Found my own answers:
First, the ABQ interface in ECP apparently is not there until you apply
SP1 for Exchange 2010 (we will be doing that shortly).
Second, you can do the ABQ-thing via PowerShell using the Set-
ActiveSyncOrganizationSettings cmdlet: this is a global setting, and
seems to be set to Allow by default - hence why you could have any
number of devices connect once you enabled a user for ActiveSync,
despite what you put in the ActiveSyncAllowedDevceIDs property.
I set our ActiveSyncOrganizationSettings to Quarantine - the user
trying to sync now gets an email saying the device is temporarily
blocked while permissions are being checked. Once I put their device
ID in the ActiveSyncAllowedDeviceIDs property, they can sync and they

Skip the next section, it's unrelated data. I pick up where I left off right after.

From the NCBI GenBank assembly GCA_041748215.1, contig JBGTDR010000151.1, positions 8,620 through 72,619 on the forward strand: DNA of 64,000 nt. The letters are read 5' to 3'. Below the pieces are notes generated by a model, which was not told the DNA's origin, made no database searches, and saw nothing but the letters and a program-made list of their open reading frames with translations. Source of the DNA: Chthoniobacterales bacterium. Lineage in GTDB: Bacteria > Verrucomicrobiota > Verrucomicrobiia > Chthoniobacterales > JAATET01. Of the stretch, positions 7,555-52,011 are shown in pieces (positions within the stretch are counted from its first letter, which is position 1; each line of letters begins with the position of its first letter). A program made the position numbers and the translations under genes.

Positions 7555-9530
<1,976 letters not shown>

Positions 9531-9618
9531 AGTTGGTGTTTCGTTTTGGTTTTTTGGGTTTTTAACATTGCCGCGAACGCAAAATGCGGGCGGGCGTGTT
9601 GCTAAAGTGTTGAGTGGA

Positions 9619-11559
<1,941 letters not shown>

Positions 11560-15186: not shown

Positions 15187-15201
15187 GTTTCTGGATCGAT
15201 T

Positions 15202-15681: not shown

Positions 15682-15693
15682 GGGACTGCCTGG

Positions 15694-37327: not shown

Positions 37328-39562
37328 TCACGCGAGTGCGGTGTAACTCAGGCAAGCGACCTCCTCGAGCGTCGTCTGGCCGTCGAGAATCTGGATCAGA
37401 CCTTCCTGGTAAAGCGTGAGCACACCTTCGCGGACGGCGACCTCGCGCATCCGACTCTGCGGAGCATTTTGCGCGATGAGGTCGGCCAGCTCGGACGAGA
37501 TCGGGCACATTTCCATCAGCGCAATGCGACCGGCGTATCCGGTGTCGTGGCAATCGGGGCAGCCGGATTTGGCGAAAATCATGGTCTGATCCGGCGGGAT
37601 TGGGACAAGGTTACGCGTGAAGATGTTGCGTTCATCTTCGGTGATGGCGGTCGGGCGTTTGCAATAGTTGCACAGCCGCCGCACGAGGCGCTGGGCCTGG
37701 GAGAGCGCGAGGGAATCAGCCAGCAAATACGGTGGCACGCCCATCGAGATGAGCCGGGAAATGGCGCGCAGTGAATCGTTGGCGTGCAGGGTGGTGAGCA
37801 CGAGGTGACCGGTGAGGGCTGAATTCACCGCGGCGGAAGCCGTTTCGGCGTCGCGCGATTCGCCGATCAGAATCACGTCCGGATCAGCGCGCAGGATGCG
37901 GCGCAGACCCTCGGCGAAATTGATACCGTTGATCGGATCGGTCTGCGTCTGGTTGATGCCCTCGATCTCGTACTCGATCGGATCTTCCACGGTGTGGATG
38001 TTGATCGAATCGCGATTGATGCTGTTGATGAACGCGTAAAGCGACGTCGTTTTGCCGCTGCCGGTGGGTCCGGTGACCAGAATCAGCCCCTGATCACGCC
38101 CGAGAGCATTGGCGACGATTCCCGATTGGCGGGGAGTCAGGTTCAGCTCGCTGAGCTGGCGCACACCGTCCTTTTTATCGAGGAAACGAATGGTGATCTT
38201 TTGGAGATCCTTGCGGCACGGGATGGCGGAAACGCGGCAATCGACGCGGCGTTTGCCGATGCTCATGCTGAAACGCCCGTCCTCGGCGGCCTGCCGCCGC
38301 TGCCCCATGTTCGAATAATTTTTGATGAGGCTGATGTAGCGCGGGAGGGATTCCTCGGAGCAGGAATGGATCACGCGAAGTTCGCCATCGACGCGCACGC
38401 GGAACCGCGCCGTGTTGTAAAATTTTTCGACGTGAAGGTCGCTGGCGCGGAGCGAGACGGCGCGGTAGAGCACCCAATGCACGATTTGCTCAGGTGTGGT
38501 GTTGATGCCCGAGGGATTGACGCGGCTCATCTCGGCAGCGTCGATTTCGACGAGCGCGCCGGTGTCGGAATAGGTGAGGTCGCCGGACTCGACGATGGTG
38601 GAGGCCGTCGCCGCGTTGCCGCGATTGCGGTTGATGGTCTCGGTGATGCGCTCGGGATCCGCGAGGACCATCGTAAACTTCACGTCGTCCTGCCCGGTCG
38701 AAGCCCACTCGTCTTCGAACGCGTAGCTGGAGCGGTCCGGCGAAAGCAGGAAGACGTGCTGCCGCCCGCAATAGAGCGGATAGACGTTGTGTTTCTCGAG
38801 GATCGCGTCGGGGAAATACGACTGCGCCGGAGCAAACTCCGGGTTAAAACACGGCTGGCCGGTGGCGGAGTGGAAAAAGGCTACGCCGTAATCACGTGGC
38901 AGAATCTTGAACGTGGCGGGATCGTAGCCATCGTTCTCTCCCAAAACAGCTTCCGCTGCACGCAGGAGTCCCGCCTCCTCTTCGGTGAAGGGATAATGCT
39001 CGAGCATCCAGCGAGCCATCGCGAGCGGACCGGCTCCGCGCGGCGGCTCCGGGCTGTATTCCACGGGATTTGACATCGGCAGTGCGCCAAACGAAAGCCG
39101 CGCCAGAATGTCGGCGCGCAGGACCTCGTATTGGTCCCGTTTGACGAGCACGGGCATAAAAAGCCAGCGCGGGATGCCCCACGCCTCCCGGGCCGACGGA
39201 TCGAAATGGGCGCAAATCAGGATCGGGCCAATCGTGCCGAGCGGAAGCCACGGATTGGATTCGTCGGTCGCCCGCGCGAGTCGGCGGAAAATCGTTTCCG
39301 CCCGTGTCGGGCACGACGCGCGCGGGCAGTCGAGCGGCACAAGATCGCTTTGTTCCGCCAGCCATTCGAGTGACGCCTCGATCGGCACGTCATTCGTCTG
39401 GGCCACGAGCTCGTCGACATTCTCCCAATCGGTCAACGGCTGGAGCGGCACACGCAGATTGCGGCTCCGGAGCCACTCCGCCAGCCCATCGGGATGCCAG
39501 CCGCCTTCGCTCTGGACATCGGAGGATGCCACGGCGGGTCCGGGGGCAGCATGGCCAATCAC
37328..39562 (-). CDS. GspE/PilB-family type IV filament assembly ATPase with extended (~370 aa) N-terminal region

also get a message saying their device has been granted full access.
As a test, afte I set the global setting to quarantine, i entered a
bogus Device Id in my ActiveSyncAllowedDeviceIDs. Bingo! my device
could no longer sync. Once i put in the correct device id, all was
There are several other properties on the
ActivesyncOrganizationSettings, like AdminEmailRecipients - the email
addresses you specify for this are supposed to get notifications that
a user is trying to sync a device. Unfortunately, that is not working
for me consistenly (worked when my own device was quarantined, but not
anyone else's). If anyone has any insight about this little quirk, I'd
love to hear it.